Minster Residence, Los Angeles Historic Cultural Monument #611
Built: 1911 Declared: 11/08/1994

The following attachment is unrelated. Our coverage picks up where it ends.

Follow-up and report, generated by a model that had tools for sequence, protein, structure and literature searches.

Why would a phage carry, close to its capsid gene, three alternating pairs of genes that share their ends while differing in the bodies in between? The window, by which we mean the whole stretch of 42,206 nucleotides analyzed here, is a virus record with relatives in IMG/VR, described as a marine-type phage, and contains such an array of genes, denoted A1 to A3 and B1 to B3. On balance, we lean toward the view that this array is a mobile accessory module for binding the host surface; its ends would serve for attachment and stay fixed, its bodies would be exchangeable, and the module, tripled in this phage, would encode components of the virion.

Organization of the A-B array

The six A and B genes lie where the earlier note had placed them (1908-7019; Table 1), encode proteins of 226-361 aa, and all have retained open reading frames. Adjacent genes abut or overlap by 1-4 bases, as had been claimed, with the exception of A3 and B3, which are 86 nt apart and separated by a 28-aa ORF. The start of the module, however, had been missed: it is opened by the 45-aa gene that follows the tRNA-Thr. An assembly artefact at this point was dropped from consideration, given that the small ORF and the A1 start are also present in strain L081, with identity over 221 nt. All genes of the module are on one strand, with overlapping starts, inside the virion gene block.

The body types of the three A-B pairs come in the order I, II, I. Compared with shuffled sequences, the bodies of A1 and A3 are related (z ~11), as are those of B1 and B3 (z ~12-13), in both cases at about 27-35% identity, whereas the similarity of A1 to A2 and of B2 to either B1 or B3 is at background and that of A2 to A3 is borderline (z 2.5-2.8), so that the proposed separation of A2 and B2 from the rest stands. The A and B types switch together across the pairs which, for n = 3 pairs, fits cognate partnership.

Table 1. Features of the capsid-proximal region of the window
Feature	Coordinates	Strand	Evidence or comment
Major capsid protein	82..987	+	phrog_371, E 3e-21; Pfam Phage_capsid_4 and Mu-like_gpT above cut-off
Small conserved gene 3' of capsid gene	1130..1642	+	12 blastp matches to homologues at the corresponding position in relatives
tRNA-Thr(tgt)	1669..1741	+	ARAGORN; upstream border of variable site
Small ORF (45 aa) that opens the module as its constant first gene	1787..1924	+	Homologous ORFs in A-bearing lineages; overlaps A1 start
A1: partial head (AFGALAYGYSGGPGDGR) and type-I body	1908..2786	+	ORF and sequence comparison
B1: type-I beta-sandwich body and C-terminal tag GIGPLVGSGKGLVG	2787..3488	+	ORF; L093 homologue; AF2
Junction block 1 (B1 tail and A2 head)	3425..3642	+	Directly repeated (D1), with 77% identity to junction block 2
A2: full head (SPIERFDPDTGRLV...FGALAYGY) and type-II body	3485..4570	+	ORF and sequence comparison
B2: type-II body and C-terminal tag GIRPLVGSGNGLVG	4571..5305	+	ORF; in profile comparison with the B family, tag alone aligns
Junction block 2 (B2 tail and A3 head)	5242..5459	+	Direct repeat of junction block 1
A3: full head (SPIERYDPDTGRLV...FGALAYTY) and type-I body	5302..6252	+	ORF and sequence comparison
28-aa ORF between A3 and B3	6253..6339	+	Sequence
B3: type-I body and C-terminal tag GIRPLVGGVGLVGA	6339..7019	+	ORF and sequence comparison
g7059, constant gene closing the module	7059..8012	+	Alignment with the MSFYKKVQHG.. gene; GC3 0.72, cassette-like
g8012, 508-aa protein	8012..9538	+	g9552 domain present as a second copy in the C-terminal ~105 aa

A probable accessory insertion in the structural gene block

Built in 1911, the Minster Residence is believed to have been designed by the architect Harry Grey, who had subdivided the land. The house was originally built for Mrs. Rose Birsham, who was co-owner of the famous Yellow-Aster Mining Company. She used it as a residence and rest home and sanitarium facility for tuberculosis patients until 1920, when it was sold to Joseph D. Minster, a former Los Angeles Times reporter and magazine publisher. Minster continued publishing various hotel and restaurant journals, and in later years, was the editor/publisher of Gourmet magazine, a journal of fine eating that is still in print today. Minster, for many years, was known as “the mayor of Mount Washington” for his many efforts to bring improvements to the hill, including the paving of San Rafael Avenue, the main road up Mount Washington, after he ran off the road on a rainy day in the 1920s and put a large chunk of guard rail into his brand new Buick. The Minster House is notable for being one of the first properties in the City of Los Angeles to enact a Mills Act contract that allows for a considerable savings in property taxes on historic properties.